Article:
Total Pageviews

Sunday, June 5, 2011

How The System Works

Every so often, and I do mean often, some well-intentioned person will say to me something like “there ought to be more help for you out there, Diane” or “I know someone who gets xyz help/services, can’t you get the same?” And you know, I used to think that too, when I was naive, before we got caught in the "system", as it were. I used to think there was "help" somewhere "out there" for people like us.

Jenn’s comment (a few posts down) about respite rather reminded me of this, and thank you, Jenn, I know you are only trying to help, but I checked out the link you provided but found nothing there but a bunch of programs I already know about and that Bob doesn’t "qualify" for and some very nice “affordable” agencies that I could hire, if I had the money.

The key word here is “qualify” and every state-run, federal-run, not-for-profit agency (and believe me, I've been everywhere checking this out) has “eligibility criteria” and one must “qualify” for their programs. The criteria are more often than not based on age and/or income. Although some programs have disease-specific criteria, i.e. you have to have X disease to qualify, for example, there are programs for folks with Alzheimer's, Parkinson's and AIDS to name a few. 

Just try finding help when your husband is a 52-year-old stroke survivor who gets $1363/month in social security disability. He’s too young for the elder care programs, too old for the children’s programs, he’s not a “dependent adult child” living with a parent and he makes “too much money” for pretty much everything else including SSI and Medicaid (the income limit for these programs is $1,011/month). And as for ‘disease specific”, well, he doesn’t have the "right" disease.  Once I did find an agency which specialized in helping folks with CIDP, and so I applied for Bob but he was turned down because his doctor had prescribed “gammagard” and not “gammunex” for his treatment and that agency had a “drug specific” criteria…..

I suppose there are some “lucky” (I use the word loosely) folks who meet the criteria of these programs, but alas, Bob is usually not one of them. He does get some help, i.e. he qualified for social security disability, for Medicare (although Medicare didn’t kick in for two years after the “disability determination date” and he has to pay a premium + pretty high co-pays for that), for “Medically Needy/Share of Cost” which is a program through Medicaid (his share of cost is $719.00/month meaning that after he pays for the first $719 Medicaid will pick up the rest, this is per month, it doesn’t roll over into the next month). He gets “extra help with Medicare prescription drug co-pays” through the SSA and this saves us a bundle of money as he has 18 prescriptions, some of them very expensive, although it doesn’t cover the prescriptions that the insurance doesn’t cover, and we have to pay for those out-of-pocket. I applied for and we got a “disability exemption” on our property taxes. He also got a “disability discharge” on his student loan. And he gets a “lifeline” disability credit on our phone service, so that’s how we can afford the Internet! (It only costs $28/month for both Internet and phone service, a real deal, though the service is pretty basic).  And a wonderful group called CASIL (Caring and Sharing for Independent Living) paid for and installed our wheelchair ramp. So we are not without some help.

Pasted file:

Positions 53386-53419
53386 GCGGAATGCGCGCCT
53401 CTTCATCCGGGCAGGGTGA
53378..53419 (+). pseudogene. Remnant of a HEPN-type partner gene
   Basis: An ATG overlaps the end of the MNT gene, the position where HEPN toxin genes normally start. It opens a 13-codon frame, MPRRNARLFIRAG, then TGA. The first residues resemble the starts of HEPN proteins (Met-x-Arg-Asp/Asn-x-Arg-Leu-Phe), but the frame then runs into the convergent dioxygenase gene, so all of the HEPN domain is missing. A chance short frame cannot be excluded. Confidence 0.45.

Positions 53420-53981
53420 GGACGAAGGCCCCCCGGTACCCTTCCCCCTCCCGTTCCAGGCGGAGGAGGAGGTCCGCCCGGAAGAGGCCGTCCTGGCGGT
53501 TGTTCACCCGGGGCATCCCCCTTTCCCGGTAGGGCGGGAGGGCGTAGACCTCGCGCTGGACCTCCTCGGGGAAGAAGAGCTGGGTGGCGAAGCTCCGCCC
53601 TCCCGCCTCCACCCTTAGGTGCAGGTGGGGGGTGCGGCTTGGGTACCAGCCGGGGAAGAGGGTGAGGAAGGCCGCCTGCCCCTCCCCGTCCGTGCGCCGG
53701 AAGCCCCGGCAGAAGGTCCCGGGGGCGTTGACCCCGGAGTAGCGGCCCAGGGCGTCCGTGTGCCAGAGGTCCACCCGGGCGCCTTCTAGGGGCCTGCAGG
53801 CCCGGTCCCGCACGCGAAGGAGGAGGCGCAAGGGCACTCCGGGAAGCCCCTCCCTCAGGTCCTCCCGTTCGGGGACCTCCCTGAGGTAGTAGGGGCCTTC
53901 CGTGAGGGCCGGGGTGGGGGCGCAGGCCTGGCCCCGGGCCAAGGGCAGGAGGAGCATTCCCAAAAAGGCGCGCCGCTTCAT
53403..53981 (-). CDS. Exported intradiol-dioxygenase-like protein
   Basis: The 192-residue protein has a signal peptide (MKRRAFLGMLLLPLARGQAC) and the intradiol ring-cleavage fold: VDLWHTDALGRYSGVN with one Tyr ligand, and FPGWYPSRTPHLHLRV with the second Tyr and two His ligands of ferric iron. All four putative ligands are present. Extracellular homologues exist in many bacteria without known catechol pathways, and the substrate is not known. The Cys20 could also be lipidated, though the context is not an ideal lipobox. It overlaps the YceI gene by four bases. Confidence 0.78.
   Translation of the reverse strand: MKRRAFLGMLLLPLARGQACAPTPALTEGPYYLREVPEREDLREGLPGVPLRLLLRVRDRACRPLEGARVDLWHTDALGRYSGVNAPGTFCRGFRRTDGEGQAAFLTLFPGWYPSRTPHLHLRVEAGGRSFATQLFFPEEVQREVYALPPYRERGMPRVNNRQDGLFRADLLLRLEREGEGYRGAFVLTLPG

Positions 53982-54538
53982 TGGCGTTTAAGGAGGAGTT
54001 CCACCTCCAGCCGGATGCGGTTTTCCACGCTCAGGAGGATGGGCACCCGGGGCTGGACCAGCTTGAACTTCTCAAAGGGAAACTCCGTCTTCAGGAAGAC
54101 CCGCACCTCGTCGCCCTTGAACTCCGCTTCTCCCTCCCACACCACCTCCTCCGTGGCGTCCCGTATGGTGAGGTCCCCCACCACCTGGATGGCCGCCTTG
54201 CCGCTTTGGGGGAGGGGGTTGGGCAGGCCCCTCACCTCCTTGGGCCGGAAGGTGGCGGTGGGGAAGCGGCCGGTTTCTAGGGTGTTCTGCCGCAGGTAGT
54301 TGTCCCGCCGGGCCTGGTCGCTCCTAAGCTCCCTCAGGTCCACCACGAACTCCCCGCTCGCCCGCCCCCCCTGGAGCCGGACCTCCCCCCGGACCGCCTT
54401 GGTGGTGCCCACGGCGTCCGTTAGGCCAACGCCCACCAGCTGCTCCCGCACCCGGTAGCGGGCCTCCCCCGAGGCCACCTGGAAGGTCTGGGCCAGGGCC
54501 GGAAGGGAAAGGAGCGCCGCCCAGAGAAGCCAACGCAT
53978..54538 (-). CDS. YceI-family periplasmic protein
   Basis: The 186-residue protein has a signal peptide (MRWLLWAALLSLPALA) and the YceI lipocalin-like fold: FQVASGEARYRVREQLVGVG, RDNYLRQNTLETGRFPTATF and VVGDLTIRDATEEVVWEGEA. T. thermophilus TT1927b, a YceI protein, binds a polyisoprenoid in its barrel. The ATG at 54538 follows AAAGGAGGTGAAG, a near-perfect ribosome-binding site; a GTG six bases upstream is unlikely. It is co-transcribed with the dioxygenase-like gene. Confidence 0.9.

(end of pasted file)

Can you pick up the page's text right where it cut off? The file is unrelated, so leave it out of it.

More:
And I could, if I wanted, put Bob in a nursing home. The state would happily pay for that and I could (I understand) keep a “portion” of his disability check on top of it. I suppose this is why so many people do end up in nursing homes, because there just isn’t a lot of "help out there". But, I do think Bob’s got a better chance of recovery here at home, with me. And so far, I’ve been handling it. (With only an occasional meltdown!)

As for the “respite”, well, there is one program through the state that he does qualify for, but there is a two-year waiting list. And I believe Hospice would send a “volunteer” but this is a volunteer not a nurse and Bob really needs someone around who can change a diaper and give a tube feeding if I’m to be gone any length of time. My neighbor still comes over once a week so that I can go shopping or run errands for an hour or two and that is about as much time I feel safe leaving Bob in the hands of someone “untrained”.  So I have my “volunteer” for the moment and feel safer leaving Bob in the hands of friend instead of a stranger.

So, that’s how the system works—a bit broken, a bit lopsided and a bit better for some people than for others, the ones who fall through the cracks. Unfortunately, at least for us, I found out that Bob falls through a lot of cracks, and so, there isn't a lot of help out there.


Nikki said...

Ugh, it's like when I didn't have health insurance through my job (this was before I got on full time)- it seemed like I didn't qualify for anything. I wasn't blind, wasn't pregnant, wasn't disabled enough (true, Asperger's is considered a disability but I was able to work so it wasn't severe enough). It seemed like the only answer was to be single and pregnant, then I coulda got a buncha handouts! Geez! You're right when you say the system's messed up!

Anonymous said...

There are some free drugs programs out there, some through the manufacturer and others. I had used one a long while ago and don't recall the name of it (sorry) but if I find it again, I will let you know.

Helen M